Do democratic institutions like the British Citizens Assembly exist in the EU?
Chaitanya Kumar is Head of Environment and Green Transition at the New Economics Foundation
Cross-posted from the website of the New Economics Foundation
In the first of its kind in the UK, a National Citizens Assembly has deliberated and this week produced a detailed set of recommendations to get the UK on the path to net zero carbon emissions. 108 people representing a cross section of British society heard from experts and advocates on ways to cut carbon emissions, before developing a set of recommendations. Commissioned by six parliamentary select committees, the assembly is an attempt to democratise the debate on solutions to the climate crisis and chart a popular course to meeting the country’s legally-binding carbon targets. I had the privilege of being one of the advisers on the assembly, helping design the programme and suggesting expert witnesses.
Amidst the ongoing Covid-19 crisis, the assembly was clear in its message that the economic recovery from the pandemic should be designed to help achieve net zero. The assembly’s recommendations have wide-reaching implications for the way we travel, eat and consume in the 21st century. Their policies are bold, eminently sensible and readily implementable across the UK. For instance, on surface transport, the assembly suggests ending the sales of petrol and diesel cars by 2030/35 along with cutting car usage between 2 – 5% every decade, and making public transport free or affordable.
The report emphasises the importance of energy efficiency and upgrading our homes to higher standards, with a majority of participants leaning towards a one-leap approach as opposed to piecemeal and costly retrofits. To address the challenge of providing clean heat, the assembly suggested bespoke solutions suited to different parts of the country and population densities, including hydrogen, heat pumps and district heating. For an energy geek like me, it is heartening to see these terms being debated publicly and amplified by the media. Normalising them will be critical in gaining public support for these technologies so they can be adopted faster.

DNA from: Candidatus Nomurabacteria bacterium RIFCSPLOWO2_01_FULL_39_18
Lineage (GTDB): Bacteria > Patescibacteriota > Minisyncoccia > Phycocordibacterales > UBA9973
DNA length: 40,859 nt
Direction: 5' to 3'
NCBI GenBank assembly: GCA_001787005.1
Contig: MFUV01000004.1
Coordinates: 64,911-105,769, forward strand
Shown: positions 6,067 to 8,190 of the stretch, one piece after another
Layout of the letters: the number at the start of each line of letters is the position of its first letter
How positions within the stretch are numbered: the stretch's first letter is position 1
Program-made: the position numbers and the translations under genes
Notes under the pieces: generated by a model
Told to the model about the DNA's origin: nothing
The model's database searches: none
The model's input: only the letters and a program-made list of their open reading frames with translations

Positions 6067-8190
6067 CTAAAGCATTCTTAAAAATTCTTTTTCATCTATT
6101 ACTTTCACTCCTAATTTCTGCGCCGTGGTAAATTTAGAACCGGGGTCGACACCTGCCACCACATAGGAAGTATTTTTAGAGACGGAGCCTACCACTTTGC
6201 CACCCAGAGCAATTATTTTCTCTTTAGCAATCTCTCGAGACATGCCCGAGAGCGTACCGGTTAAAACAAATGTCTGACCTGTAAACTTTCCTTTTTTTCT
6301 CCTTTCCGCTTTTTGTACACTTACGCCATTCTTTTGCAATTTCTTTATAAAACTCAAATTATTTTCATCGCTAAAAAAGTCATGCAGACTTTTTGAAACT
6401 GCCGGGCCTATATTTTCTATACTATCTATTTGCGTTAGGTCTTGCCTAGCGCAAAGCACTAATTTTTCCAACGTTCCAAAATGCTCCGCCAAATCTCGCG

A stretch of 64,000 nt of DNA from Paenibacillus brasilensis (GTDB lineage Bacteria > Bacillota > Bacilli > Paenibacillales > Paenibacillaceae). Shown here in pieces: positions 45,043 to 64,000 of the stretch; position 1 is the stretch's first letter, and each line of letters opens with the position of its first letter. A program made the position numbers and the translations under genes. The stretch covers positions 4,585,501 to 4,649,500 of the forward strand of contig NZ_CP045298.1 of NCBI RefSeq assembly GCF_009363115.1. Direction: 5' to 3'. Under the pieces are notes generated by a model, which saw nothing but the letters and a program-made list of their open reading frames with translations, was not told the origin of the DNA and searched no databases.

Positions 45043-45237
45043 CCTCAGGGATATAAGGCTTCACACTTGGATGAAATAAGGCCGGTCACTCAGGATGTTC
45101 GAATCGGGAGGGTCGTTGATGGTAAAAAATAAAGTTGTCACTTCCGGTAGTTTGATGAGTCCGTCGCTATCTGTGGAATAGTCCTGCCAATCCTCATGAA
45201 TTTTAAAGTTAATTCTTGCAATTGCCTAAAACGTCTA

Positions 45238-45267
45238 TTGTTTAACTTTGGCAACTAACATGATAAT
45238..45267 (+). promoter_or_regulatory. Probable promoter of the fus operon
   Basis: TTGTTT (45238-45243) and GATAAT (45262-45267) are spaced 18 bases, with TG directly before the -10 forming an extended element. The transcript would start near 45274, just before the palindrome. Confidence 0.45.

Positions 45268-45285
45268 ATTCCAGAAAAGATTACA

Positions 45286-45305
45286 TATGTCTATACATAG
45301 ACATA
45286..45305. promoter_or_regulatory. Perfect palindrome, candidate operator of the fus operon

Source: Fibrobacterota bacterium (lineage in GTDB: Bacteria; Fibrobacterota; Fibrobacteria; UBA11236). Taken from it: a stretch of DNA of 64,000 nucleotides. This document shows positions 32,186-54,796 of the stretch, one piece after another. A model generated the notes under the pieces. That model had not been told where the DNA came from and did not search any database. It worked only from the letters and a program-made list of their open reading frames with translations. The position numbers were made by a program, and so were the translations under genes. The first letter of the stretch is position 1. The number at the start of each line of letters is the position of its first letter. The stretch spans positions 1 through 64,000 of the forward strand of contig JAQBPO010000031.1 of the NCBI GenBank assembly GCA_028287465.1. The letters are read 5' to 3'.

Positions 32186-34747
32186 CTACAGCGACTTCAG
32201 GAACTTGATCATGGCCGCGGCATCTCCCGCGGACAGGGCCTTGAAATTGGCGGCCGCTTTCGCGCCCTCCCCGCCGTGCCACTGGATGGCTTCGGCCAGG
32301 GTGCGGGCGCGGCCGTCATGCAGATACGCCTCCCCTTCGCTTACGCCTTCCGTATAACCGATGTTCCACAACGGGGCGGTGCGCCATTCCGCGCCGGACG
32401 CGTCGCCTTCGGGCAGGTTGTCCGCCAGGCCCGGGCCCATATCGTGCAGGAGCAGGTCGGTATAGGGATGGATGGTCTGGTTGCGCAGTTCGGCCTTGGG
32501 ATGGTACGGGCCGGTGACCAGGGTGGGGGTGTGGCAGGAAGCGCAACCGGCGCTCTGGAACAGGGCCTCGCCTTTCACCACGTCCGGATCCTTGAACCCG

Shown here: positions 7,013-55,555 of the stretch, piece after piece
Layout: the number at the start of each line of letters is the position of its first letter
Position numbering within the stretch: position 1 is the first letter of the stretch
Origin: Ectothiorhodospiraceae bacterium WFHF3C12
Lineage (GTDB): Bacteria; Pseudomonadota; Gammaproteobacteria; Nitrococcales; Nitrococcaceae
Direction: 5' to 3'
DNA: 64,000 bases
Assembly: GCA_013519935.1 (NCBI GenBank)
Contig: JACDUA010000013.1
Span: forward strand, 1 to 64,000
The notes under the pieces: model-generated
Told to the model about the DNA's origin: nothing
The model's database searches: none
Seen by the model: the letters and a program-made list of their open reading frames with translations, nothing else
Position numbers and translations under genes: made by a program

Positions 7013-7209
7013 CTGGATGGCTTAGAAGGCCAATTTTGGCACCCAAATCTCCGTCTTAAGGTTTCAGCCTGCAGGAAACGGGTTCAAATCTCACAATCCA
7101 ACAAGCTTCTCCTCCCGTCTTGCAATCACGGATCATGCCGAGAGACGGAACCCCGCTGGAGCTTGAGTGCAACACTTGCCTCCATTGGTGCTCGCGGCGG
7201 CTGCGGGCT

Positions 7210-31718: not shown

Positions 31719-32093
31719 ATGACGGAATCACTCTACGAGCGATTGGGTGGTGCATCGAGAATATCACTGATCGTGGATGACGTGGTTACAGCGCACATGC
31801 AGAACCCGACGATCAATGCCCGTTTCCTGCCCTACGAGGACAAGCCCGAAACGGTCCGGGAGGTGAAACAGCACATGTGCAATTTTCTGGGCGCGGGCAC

The Committee on Climate Change indicated last year that a majority of the solutions to reaching net zero will require some form of behavioural change from individuals. From overcoming anxiety about driving electric cars long distances, to adopting a greener, cleaner diet — our lifestyles are as much a solution to the climate crisis as they have been the cause of it.
The assembly’s recommendations are much more nuanced on these aspects of our food, farming and flying than the loud media headlines we often see. Members deliberated a series of carrot and stick measures that included levies on frequent flyers, incentives for farmers to promote sustainability, and taxes for reducing food waste.